|QUOTE (gionascm2 @ Friday, Jul 19 2013, 01:26)|
| And even if you're right and digital is not cheaper, that's only at first glance. But if you know the right |
tricks to exploit the system, you can get tonnes of free digital games, which will save you potentially
thousands of dollars in the long run. This alone makes digital much superior to physical copies.
The fact remains that if the pricing of downloadable games was right, you wouldn't have to pull these tricks.
The cost of a videogame is very fragmented: there's developer costs (building, facilities, employee salaries etc.), there's the publisher who wants to see their investments returned, there's the console manufacturer who asks a fee, there's marketing, printing and distribution, the wholesalers who want a cut and finally the retailers. So the $60 price tag has to account for all of that. But that's for physical distribution. If you were to go digital, you can cut off a chunk of that chain, starting with printing and distributing the discs. Wholesalers typically pay around $30 per game. Minus the cost of printing and distribution, co-op marketing and accounting for lost/stolen units, the publisher gets roughly $18 per sold game.
Now, if they were to go digital, you would have to add the cost of server bandwidth and IT personnel. Let's say that's $7 per game (very roughly). That would mean that even if they were to ask $30 per game (as a download), they would still make more profit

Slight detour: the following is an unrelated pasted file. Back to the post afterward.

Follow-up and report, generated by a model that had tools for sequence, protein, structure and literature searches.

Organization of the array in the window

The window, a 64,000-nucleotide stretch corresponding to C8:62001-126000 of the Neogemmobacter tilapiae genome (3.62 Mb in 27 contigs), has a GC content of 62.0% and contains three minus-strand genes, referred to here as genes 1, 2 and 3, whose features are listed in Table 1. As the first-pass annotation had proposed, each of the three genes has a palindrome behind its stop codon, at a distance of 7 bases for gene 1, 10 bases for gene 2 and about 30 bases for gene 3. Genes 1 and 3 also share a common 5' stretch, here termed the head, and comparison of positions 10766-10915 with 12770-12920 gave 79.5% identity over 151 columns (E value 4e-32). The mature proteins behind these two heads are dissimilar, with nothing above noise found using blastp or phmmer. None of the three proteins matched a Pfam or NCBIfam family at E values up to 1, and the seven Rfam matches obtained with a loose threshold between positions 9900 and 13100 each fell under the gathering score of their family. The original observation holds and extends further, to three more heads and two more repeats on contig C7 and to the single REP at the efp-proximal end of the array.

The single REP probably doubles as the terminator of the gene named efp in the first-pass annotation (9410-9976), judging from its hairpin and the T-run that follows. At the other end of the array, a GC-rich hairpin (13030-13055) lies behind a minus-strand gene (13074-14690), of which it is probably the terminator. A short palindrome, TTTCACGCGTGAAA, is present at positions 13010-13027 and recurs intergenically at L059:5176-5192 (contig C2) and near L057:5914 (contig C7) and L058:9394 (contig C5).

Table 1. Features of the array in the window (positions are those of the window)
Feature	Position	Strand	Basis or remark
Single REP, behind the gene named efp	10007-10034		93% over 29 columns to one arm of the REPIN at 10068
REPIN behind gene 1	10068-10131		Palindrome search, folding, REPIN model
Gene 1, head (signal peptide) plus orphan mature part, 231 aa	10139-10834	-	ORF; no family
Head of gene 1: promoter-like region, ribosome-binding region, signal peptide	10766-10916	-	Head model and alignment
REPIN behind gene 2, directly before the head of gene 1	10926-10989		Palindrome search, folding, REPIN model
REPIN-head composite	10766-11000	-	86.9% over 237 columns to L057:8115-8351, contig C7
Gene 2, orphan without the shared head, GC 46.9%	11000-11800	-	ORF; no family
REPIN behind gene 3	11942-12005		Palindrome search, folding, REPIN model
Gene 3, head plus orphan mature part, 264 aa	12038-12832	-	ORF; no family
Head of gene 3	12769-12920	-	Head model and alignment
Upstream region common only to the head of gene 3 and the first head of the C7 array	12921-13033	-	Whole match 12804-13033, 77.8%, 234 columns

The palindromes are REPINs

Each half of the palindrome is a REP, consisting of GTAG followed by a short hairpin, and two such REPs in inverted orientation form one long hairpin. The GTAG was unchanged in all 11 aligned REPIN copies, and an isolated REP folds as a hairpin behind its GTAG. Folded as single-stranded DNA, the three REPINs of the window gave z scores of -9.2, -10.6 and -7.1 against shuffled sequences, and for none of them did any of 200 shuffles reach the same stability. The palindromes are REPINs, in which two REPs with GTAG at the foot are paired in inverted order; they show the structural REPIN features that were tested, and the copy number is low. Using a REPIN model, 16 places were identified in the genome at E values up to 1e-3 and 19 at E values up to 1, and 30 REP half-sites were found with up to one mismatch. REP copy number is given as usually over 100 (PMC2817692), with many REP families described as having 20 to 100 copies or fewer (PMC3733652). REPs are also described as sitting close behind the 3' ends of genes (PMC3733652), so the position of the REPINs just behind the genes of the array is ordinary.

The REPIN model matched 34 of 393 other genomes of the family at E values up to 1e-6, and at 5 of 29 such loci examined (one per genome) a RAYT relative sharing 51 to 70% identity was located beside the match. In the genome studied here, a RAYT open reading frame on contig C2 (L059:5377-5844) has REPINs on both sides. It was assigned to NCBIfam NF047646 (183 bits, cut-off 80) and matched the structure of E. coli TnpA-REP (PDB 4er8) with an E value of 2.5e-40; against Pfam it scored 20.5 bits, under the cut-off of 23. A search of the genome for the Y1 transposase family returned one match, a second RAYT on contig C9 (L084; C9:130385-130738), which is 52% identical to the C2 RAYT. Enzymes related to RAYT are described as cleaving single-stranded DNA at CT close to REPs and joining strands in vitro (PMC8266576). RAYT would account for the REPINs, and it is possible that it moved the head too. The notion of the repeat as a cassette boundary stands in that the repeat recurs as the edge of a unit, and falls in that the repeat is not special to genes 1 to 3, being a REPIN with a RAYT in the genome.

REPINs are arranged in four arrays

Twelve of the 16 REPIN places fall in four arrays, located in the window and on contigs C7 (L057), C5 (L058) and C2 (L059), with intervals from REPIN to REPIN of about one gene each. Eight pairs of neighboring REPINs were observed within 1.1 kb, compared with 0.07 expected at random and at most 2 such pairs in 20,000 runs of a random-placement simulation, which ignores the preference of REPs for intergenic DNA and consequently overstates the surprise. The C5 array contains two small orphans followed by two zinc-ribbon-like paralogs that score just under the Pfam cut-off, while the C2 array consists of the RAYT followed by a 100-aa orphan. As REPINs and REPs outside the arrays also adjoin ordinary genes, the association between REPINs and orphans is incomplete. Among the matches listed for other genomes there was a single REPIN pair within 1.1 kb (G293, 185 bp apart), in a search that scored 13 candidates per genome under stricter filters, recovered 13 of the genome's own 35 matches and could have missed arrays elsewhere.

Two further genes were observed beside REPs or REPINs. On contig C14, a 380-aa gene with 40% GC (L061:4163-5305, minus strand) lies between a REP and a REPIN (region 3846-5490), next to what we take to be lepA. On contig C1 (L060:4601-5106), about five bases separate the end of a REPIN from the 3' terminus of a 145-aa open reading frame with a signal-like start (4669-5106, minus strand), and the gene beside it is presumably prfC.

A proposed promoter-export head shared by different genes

($5 in this example).
But they're still
asking the retail price of $60. Now I don't know where all that extra money is going to, but that's the thing. You don't know if the developer ever sees any of that money. For all we know, the platform holder (Microsoft, Sony) and/or the publisher keep all of it. I still see publishers as a necessary evil as most of them are only interested in making the big bucks (and not unjustly so, just look at THQ). In an ideal world, developers would (somehow) get enough funding to get them going and would be able to advertise and publish the games themselves (digitally). But that's a long way from reality.
Right now, a good motivation for publishers and platform holders to drop the prices of downloadable games would be to combat the second-hand market. But they're not doing that, instead they f*ck the costumer in the ass with DRM and other bullsh*t and keep the prices of downloads unreasonably high.